Likud No. 2 demands primary if coalition falls but Netanyahu can’t form new gov’t

Yuli Edelstein, in challenge to Netanyahu’s rule, says faction should hold leadership contest if government collapses and the former PM fails to replace it in current Knesset

Likud MK Yuli Edelstein speaks at a conference in Herzliya, November 23, 2021. (Avshalom Sassoni/Flash90)
Likud MK Yuli Edelstein speaks at a conference in Herzliya, November 23, 2021. (Avshalom Sassoni/Flash90)

Knesset member Yuli Edelstein, the No. 2 lawmaker in the Likud party, on Saturday called for the opposition faction to hold leadership primaries if its leader, former prime minister Benjamin Netanyahu, cannot form a government in the current Knesset if the ruling coalition collapses.

“If Netanyahu knows how to assemble a government in the current Knesset, I definitely won’t stand in his way because I said the State of Israel doesn’t need elections. If not, then hold a competition for leadership of the party,” Edelstein told Channel 12 news.

“I usually don’t get into fights that I don’t think I can win,” he said.

The coalition headed by Prime Minister Naftali Bennett is teetering, but if an absolute majority of the current Knesset were to vote for an alternative government, it could be formed without resorting to new elections.

Edelstein, a former Knesset speaker and senior minister, had announced last year that he would challenge Netanyahu to lead Likud. He said Saturday that Likud primaries could be organized in a matter of weeks.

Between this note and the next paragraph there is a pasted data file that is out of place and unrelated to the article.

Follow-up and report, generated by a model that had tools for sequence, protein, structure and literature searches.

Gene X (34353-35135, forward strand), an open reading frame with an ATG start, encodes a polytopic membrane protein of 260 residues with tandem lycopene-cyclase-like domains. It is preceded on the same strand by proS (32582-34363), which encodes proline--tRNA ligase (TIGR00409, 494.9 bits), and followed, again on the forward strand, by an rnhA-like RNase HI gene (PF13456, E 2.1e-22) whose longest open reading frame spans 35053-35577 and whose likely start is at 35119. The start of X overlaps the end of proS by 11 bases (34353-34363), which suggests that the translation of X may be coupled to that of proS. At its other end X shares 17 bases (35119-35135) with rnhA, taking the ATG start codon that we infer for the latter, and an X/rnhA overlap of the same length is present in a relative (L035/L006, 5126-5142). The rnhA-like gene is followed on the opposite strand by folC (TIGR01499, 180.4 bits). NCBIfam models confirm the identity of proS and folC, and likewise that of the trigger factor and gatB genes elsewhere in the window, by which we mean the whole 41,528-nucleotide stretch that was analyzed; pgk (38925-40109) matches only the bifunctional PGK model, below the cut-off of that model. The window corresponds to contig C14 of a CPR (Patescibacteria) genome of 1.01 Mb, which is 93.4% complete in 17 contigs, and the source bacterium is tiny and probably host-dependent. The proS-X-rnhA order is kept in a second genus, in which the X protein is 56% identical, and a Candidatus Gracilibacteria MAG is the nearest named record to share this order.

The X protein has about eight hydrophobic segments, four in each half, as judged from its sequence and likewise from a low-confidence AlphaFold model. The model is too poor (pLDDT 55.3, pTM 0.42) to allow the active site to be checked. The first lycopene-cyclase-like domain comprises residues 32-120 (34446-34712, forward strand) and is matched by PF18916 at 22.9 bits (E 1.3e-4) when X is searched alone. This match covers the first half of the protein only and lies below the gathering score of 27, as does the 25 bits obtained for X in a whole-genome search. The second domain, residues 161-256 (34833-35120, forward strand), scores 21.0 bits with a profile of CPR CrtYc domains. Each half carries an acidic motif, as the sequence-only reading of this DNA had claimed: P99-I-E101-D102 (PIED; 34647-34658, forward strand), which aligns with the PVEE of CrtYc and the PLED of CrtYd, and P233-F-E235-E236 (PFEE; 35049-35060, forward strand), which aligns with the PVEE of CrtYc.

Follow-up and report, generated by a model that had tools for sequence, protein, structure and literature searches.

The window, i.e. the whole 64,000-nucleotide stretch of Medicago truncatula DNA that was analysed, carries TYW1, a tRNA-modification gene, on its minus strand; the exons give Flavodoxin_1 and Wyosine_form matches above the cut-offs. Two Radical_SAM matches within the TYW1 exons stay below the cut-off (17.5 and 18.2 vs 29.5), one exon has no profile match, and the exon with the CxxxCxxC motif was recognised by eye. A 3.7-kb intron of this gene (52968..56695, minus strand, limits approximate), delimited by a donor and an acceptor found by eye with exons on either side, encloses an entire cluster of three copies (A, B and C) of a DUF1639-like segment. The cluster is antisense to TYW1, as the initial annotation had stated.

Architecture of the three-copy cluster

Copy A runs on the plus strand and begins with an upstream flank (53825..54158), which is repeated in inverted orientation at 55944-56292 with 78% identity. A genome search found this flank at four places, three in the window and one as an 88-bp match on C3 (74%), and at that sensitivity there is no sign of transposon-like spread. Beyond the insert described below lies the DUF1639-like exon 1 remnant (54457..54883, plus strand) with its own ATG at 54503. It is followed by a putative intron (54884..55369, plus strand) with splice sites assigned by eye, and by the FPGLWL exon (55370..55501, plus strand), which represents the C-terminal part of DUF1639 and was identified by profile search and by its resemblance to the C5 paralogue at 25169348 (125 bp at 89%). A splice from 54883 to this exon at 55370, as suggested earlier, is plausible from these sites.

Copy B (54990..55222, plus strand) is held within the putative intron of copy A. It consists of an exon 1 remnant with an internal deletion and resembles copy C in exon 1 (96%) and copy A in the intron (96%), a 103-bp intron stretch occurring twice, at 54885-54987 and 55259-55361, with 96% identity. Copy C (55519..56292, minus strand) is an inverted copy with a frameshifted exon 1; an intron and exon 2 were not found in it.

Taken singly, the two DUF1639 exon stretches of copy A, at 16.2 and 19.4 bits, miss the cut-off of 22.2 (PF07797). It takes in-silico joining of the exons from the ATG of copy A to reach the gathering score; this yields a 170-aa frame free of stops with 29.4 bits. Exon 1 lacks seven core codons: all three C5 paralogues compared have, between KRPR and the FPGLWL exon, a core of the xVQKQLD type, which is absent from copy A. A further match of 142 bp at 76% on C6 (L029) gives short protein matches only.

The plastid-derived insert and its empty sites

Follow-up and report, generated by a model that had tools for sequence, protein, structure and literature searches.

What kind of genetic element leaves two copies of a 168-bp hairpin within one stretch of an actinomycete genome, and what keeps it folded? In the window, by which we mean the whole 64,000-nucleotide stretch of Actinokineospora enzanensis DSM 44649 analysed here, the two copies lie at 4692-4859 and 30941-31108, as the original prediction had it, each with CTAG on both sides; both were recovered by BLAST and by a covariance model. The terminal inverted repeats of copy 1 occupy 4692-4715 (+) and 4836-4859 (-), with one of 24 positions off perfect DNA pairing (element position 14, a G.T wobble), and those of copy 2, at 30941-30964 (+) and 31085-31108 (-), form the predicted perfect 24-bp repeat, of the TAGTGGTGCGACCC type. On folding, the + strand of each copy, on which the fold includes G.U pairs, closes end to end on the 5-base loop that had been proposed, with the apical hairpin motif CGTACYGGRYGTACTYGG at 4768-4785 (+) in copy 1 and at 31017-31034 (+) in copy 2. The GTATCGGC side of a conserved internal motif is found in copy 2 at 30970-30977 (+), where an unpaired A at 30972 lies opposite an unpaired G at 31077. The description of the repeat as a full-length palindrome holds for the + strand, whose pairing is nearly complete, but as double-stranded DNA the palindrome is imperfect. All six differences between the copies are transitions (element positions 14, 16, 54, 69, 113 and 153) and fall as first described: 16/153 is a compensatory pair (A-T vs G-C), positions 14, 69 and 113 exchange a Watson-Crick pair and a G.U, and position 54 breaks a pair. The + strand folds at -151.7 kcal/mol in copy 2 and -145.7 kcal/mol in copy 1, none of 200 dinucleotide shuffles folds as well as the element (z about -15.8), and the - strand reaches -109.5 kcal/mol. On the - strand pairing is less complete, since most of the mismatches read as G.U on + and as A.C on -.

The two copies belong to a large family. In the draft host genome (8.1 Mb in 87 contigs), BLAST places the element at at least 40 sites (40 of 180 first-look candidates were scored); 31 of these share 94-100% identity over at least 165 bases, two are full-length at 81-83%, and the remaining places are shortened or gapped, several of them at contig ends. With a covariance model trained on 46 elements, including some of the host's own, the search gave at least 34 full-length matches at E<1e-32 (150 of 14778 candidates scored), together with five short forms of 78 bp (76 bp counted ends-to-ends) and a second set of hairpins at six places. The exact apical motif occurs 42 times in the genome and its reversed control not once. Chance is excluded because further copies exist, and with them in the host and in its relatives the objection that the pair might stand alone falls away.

“I think there are two things Israel does not need — one is the continuation of the current government, and the second is elections,” he said. “It’s possible to assemble a good government, a stable one, in the current Knesset.”

The Likud party was, for a long time, firmly behind Netanyahu, but that control frayed amid a series of grueling elections and political instability between 2019 and 2021, with Netanyahu facing fraud charges during the same period. Netanyahu then lost power to Bennett’s coalition last year.

Likud Knesset members got behind Netanyahu on Thursday, after some dissent within the party, during a dispute with the coalition over a contentious bill to provide scholarships to IDF veterans.

Opposition leader Benjamin Netanyahu leads a Likud faction meeting at the Knesset on May 16, 2022. (Olivier Fitoussi/Flash90)

Edelstein is widely popular in the Likud party. In 2019, he was the top vote-getter in the primary for potential Knesset candidates, which determines the order of the Knesset slate below the party leader.

Bennett’s government came to the brink of collapse after Meretz’s Ghaida Rinawie Zoabi resigned from the coalition on Thursday. Her resignation reduced Bennett’s coalition to a minority, holding only 59 seats in the 120-seat Knesset. Rinawie Zoabi is reportedly in talks to return to the coalition.

The government can survive as a minority, however. A bill to dissolve the Knesset and force elections would ultimately need support from 61 lawmakers — though a simple majority would be enough for such a bill to pass a preliminary reading — and it’s not clear whether Rinawie Zoabi and all other Knesset members outside the coalition would support such a measure. If the government falls vias such legislation, Israel would be forced into its fifth election cycle in barely three years.

Likud pulled back from an attempt to dissolve the Knesset last week, before Rinawie Zoabi’s resignation, when it became clear the coalition had managed a 60-60 seat parity with the Likud-led opposition. Another attempt to start advancing the legislation is expected this coming Wednesday, initiated by the mainly Arab, six-member Joint List.

An alternative government could be approved without elections with the support of 61 Knesset members, in a constructive no-confidence measure.

Bennett’s coalition is an unwieldy amalgam of right-wing, centrist and leftist parties, and includes the Islamist Ra’am faction. The parties coalesced last year mainly around their opposition to Netanyahu’s rule.

The former premier is a divisive figure in Israel and faces charges in three graft cases, but remains popular with many voters.

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